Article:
When I’m 64: Part 3 of 3

August 17, 2011

In his life, my grandfather was a veterinarian, a loving husband, a father to my mom and her two older sisters, a gardener, a cowboy, and a lover of crossword puzzles, Greek mythology, HAM radio and biking.  He retired out of duty, not necessity, at the age of 82.  When his wife, my grandmother, developed Alzheimer’s-type dementia in the mid-1990s, he cared for her at home with incredible patience, surreptitiously doing laundry she insisted wasn’t dirty, but that hadn’t been washed in weeks, making sure the stove was off at night, comforting her when she was confused and upset, and getting her to doctors appointments she had forgotten about, though they were smattered all over the calendar.

When he was forced to admit her to a Skilled Nursing Facility (SNF) after her diagnosis of  ovarian/uterine cancer, he was heartbroken and guilty.  After my grandmother passed, he begged his daughters to never put him in one of “those places.”

So, when he began needing a little more companionship – a little more supervision – he moved in with my aunt and uncle (of the previous post).  He lived with them for several years, but three years ago, my 90 year-old grandfather started declining physically and cognitively, due to some undiscovered TIAs, and the burden became too great to bear for my aunt who had been the sole caregiver for both of my grandparents for a long time.  So… it was my mom’s turn.  When he began literally passing out while walking down the hall, we all considered home health.  We didn’t arrange to have an aide there all day, because of what I’m about to tell you.

Wanna know how much it costs, on average, to have a home health person for twelve hours a day? $250.00. During the work week, year round, that comes out to $65,000.00.  Holy Moses.  When the home health person is at risk of being injured because the client is unable to climb stairs safely, and often loses consciousness half-way up, wanna know how much it costs to get a room at a specialized Assisted Living Facility? On average, it costs $3,000.00/month.  In case you didn’t do the math, that’s $36,000/year.  This was brand new information to all of us at the time, and the mathematical figures caused a lot of stress.  Basically, Grampa’s entire life savings and all of his investments, including his house,  would be gone in no time if we had a full time home health aide.  Because of his growing lack of awareness, and our newfound knowledge of the costs of caring for an elderly relative, assisted living it was.  It was the avenue that would most slowly deplete my grandfather’s estate.

Grampa and my brother deciding who should get which of his dozens of (legal) firearms after he dies. He was a worrier...

Luckily, I worked at a dementia specific AL, and there was a bed available there. Almost as soon as he moved in, he began having more and more “episodes” as we called them.  His blood pressure dropped and he would lose consciousness temporarily, usually followed by a fall.  He got infections so often that he actually spent more time in the hospital while he lived at the AL, than in the lovely room at the AL he was actually paying for.

The thing is, in his more lucid life, if he knew how much it was costing him, and if the option was available then, he would have done something to prevent all of this long ago.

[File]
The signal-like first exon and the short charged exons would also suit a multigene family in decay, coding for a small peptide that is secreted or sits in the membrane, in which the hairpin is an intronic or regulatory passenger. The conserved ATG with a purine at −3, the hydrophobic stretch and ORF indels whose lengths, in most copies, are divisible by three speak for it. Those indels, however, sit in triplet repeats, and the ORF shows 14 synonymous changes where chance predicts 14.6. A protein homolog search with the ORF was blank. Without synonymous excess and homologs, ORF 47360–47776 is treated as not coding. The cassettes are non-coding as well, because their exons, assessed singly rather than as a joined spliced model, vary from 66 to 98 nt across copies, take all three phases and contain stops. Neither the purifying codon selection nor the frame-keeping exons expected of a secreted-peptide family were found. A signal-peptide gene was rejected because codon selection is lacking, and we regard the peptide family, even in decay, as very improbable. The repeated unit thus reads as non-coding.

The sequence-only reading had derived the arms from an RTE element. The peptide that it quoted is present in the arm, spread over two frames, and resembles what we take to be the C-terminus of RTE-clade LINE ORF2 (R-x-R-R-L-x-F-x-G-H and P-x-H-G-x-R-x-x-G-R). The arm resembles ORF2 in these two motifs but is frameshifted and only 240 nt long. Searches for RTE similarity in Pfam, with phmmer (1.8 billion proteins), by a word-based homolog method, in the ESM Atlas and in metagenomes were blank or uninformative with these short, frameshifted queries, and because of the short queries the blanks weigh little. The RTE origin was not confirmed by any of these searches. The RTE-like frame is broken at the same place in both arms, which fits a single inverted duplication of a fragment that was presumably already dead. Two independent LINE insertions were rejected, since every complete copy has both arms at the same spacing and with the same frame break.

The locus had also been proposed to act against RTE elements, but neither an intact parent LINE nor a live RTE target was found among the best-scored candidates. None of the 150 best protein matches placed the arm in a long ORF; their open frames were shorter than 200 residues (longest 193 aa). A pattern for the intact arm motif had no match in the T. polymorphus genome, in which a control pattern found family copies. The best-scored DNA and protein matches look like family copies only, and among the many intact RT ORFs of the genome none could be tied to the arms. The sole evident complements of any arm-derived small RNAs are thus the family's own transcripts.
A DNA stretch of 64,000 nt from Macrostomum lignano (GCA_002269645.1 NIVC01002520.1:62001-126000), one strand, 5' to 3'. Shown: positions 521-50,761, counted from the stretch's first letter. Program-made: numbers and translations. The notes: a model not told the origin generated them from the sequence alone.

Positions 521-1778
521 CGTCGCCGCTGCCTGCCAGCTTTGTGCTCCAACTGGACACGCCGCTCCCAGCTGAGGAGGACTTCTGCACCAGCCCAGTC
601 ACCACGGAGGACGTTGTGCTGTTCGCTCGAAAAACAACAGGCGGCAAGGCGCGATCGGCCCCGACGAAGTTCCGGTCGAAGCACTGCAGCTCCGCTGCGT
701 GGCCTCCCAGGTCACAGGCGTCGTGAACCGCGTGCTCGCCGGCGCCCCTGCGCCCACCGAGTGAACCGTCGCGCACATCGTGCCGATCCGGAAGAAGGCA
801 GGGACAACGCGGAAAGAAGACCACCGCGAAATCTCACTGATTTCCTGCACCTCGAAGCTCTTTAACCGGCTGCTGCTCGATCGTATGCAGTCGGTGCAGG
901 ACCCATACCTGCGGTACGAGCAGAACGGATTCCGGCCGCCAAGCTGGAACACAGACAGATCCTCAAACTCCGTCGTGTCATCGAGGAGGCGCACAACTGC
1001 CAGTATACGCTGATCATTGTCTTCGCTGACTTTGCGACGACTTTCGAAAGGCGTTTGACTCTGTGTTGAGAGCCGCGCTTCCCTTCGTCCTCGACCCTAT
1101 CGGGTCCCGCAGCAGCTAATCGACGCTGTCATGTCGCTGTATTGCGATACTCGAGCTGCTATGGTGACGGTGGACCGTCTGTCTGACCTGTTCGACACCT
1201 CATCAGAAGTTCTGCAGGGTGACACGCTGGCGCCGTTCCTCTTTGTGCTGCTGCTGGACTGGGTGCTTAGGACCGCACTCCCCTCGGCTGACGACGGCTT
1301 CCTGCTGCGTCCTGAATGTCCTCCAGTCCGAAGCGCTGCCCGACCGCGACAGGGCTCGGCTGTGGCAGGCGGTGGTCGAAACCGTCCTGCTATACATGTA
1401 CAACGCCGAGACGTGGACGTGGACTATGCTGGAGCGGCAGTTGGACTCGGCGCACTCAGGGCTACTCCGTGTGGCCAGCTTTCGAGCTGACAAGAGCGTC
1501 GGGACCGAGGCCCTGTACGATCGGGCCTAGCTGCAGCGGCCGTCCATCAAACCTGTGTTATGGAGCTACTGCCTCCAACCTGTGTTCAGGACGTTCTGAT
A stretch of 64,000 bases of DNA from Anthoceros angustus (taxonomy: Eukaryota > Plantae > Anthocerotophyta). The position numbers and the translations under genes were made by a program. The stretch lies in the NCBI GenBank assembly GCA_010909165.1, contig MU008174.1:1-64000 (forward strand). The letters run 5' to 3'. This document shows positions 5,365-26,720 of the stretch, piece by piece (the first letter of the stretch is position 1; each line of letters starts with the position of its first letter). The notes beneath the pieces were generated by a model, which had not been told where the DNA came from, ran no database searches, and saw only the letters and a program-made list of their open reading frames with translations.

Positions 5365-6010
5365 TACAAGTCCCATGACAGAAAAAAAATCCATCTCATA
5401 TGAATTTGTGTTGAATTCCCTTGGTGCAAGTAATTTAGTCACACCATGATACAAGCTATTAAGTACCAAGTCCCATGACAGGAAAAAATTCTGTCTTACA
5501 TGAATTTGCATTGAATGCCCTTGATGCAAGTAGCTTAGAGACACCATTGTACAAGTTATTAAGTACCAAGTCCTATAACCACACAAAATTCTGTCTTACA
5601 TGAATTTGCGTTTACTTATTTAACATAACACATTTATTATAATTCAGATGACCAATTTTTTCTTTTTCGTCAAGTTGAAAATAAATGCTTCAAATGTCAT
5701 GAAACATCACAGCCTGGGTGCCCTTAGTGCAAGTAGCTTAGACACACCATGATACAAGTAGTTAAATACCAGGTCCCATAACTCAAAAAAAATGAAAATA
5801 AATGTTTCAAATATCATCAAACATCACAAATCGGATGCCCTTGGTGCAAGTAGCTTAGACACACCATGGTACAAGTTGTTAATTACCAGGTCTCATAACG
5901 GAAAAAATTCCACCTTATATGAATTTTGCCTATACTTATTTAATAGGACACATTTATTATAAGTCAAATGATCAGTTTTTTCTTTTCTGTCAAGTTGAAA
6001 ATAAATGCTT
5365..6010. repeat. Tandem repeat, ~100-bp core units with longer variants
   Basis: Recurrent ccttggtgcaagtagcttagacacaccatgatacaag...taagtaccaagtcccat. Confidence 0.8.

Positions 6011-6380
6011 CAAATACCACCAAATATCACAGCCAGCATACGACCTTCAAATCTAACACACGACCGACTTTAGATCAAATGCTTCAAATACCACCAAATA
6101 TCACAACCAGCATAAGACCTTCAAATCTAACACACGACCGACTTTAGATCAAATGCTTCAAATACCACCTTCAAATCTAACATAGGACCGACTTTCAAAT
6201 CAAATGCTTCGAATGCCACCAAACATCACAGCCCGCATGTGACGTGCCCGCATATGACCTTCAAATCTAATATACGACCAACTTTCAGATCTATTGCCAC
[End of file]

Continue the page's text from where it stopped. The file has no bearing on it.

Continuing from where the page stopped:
When Grampa couldn’t ambulate on his own anymore, an SNF was the only option.  The ONLY option.  Wanna know how much a nursing home costs per month when someone doesn’t qualify for Medicaid? (P.S. You literally have nothing left to your name when you qualify for Medicaid)  SNFs cost, on average, $168/DAY.  That’s over 60,000/year.  Are you scared yet?  I am.


Long Term Care Insurance

Two years ago, my aunt and uncle decided that they had had enough of this nonsense.  They purchased Long Term Care Insurance (LTC or LCTI) so that when/if they start needing more care, it won’t cost them their entire life savings.  They haven’t worked hard their whole lives just to lose everything and not be able to leave anything to their three daughters.

LTCI pays for assisted living facilities, home health, and skilled nursing care, among other services not covered by health insurance, Medicare or Medicaid.

Want to hear some fun facts?  Sure ya do.

“About 60 percent of individuals over age 65 will require at least some type of long-term care services during their lifetime.  About 40% of those receiving long-term care today are between 18 and 64. Once a change of health occurs long-term care insurance may not be available.” (Excerpt from Wikipedia article linked in this post)


How about another one?

In our country,

• One in eight people aged 65 and older (13%) has Alzheimer’s disease

• Of those with Alzheimer’s disease, an estimated 10% are under the age of 74,

(Alzheimer’s Association)


What I’m taking from that, is THIS:

As the Baby Boomers (my parents’ generation) age, the amount of money taxpayers (and any family members or caregivers) will spend on Alzheimer’s care will be absolutely ASTRONOMICAL unless something is done, and unless everyone gets their booties in gear and buys LTCI.  Talk to your friends, parents and children about LTCI.  It will change everything.

For now, though, what I can do to ensure that my future mental and physical health issues are taken care of by insurance, and not by my future children, is purchase Long Term Care Insurance soon, and hope I never need it.


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